Safe Drive Stay Alive Returns For Eighth Year

Safe Drive Stay Alive is back for another year as emergency services and families that have lost their loved ones join together to save lives and reduce the number of young people involved in road traffic collisions.

The Safe Drive Stay Alive project is funded by Safer Roads GM Partnership and supported by TFGM. The Safer Roads Partnership and comprises of Greater Manchester Police (GMP), Greater Manchester Fire & Rescue Service (GMFRS), North West Ambulance Service (NWAS), Salford Royal NHS Foundation Trust and Transport for Greater Manchester (TfGM).

The hard-hitting road safety project, which is delivered in the format of a stage performance at Middleton Arena, is in its eighth year and will be attended this year by more than 9,000 sixth form and college students.

Representatives from each of the emergency services, along with family members that have lost their loved ones in a road traffic collision, will take to the stage to talk to young people about the impact of their real-life experience.

The team are welcoming four new speakers this year, including a Watch Manager from GMFRS, two paramedics from NWAS and a new family speaker.

Being involved in a road traffic collision is one of the biggest risks for young people, with 17-25 year-olds continuing to be disproportionately represented in the casualty statistics of those killed or seriously injured on the roads.

Inexperience means that young people are at particular risk and have less ability to spot hazards, as well as being more likely to take risks such as overtaking or speeding.

The ‘Fatal 5’, which comprises of speeding, distraction, drink and drug driving, non-seatbelt wearing and peer pressure, is covered within the performances, as well as an appeal to the audience to be good influences as passengers and to speak up if they don’t feel safe.

Safe Drive Stay Alive was delivered last year in September, October and November at Middleton Arena, and was also delivered at The Stockport Plaza in March earlier this year.

PC Nicola Heap from GMP said: “Keeping people safe on our roads is our absolute priority and Safe Drive Stay Alive helps us to deliver an important and potentially life-saving message to our next generation of drivers.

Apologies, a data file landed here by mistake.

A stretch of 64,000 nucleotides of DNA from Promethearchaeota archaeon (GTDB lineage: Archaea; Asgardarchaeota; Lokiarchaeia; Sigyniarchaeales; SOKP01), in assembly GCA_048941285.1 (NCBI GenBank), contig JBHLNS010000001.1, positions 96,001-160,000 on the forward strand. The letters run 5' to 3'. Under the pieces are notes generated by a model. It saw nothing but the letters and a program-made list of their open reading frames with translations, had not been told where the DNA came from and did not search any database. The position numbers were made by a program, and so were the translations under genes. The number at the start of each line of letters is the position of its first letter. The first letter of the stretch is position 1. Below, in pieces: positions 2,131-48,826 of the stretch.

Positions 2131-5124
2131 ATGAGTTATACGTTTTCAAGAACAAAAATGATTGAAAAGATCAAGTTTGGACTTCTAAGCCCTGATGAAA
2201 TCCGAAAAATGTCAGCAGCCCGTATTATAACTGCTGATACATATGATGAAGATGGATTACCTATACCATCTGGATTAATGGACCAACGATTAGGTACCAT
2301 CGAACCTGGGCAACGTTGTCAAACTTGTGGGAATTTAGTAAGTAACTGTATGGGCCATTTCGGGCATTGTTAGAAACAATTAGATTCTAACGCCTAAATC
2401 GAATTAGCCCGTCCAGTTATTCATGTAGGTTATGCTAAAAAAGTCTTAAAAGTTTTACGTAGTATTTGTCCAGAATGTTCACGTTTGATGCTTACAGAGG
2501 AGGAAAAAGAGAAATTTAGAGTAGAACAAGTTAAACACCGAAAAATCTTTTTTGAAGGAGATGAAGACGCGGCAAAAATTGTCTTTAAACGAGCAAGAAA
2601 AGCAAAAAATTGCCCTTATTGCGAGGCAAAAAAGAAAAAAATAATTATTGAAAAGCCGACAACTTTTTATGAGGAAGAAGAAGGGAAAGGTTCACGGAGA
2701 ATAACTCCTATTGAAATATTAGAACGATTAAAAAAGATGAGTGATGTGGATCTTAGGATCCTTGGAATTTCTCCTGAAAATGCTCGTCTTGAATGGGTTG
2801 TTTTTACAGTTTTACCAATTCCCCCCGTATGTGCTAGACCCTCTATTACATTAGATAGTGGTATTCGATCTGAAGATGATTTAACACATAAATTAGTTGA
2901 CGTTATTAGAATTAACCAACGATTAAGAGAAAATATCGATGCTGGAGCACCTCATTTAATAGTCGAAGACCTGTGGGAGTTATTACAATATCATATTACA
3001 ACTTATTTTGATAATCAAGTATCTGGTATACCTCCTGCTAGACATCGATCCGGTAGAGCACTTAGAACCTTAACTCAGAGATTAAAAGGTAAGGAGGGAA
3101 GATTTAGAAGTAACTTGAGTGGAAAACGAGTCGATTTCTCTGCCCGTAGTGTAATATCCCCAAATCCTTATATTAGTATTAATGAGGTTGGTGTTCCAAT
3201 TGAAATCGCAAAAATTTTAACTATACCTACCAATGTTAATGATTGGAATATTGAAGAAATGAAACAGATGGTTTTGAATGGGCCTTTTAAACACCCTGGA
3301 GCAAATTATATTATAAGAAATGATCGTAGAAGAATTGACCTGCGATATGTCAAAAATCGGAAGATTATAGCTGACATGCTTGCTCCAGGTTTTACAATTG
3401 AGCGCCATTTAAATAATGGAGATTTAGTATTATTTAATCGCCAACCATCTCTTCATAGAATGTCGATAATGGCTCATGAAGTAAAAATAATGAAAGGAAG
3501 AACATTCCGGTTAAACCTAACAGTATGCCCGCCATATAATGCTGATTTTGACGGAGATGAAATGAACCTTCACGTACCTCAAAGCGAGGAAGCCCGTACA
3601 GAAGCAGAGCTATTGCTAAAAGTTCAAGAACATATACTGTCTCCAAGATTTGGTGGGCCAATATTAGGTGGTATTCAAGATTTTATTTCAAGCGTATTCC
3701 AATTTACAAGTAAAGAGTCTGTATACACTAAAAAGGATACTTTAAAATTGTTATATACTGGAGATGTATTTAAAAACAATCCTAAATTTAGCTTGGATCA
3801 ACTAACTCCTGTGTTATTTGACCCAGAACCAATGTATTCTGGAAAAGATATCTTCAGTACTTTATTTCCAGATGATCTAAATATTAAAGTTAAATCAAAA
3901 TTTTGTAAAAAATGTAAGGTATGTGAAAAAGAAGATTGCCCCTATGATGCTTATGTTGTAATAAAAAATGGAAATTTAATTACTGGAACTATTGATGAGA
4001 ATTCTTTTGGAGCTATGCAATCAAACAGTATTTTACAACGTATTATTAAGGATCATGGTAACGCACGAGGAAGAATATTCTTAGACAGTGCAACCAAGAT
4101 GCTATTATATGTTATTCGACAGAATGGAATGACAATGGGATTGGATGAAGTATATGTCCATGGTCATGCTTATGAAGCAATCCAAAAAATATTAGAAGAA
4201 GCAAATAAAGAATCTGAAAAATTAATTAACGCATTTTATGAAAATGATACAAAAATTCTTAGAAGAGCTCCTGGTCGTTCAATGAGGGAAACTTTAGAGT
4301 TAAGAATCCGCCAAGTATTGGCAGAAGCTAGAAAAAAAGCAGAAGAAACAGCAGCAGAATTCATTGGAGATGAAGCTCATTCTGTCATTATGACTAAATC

“Far too many people are killed and seriously injured on our roads. Knocking on a door to tell somebody their loved one has been involved in a collision is something that no police officer ever wishes to do, but unfortunately is something that is all too common.

“The people that take to the stage are not actors; they are real people with real stories to tell. Each person on stage is there because they want to prevent anybody else experiencing the same heartbreak that they have endured, and I am incredibly proud and grateful for the courage shown by each of them.”

Watch Manager Simon Dowling from GMFRS said: “Being involved in a serious or fatal road traffic collision, is a real danger for many young people across Greater Manchester. The wider impact to those families left behind can be devastating and can affect the rest of their lives.

“Safe Drive Stay Alive aims to bring the reality of its impacts home to as many young people as possible.

“The team is made up of real people – emergency services, doctors, nurses, and families, all of which have dealt with the consequences of these incidents, and I’m very proud to be part of it. It’s tough to stand up and tell the stories to hundreds of people but we all do it in the hope to reduce the deaths of young people caused by road incidents.

“The stories are real, hard-hitting and sometimes uncomfortable for the audience and the speakers alike, but they must be heard. I am urging young people to attend if they get the chance. It could save your life.”

Ann-Marie Hornsby joins emergency services on stage to talk about the death of her son, Colin, from Droylsden, who tragically lost his life in 2018 when the car he was a passenger in crashed. Ann-Marie said: “When I answered the knock on the door that Friday night to the police, our lives and many of Colin’s friends lives changed forever. As a mum all I kept thinking was he needed me, and I wasn’t with him. His injuries were such that he would have died instantly. Nothing has or ever will be the same ever again.”

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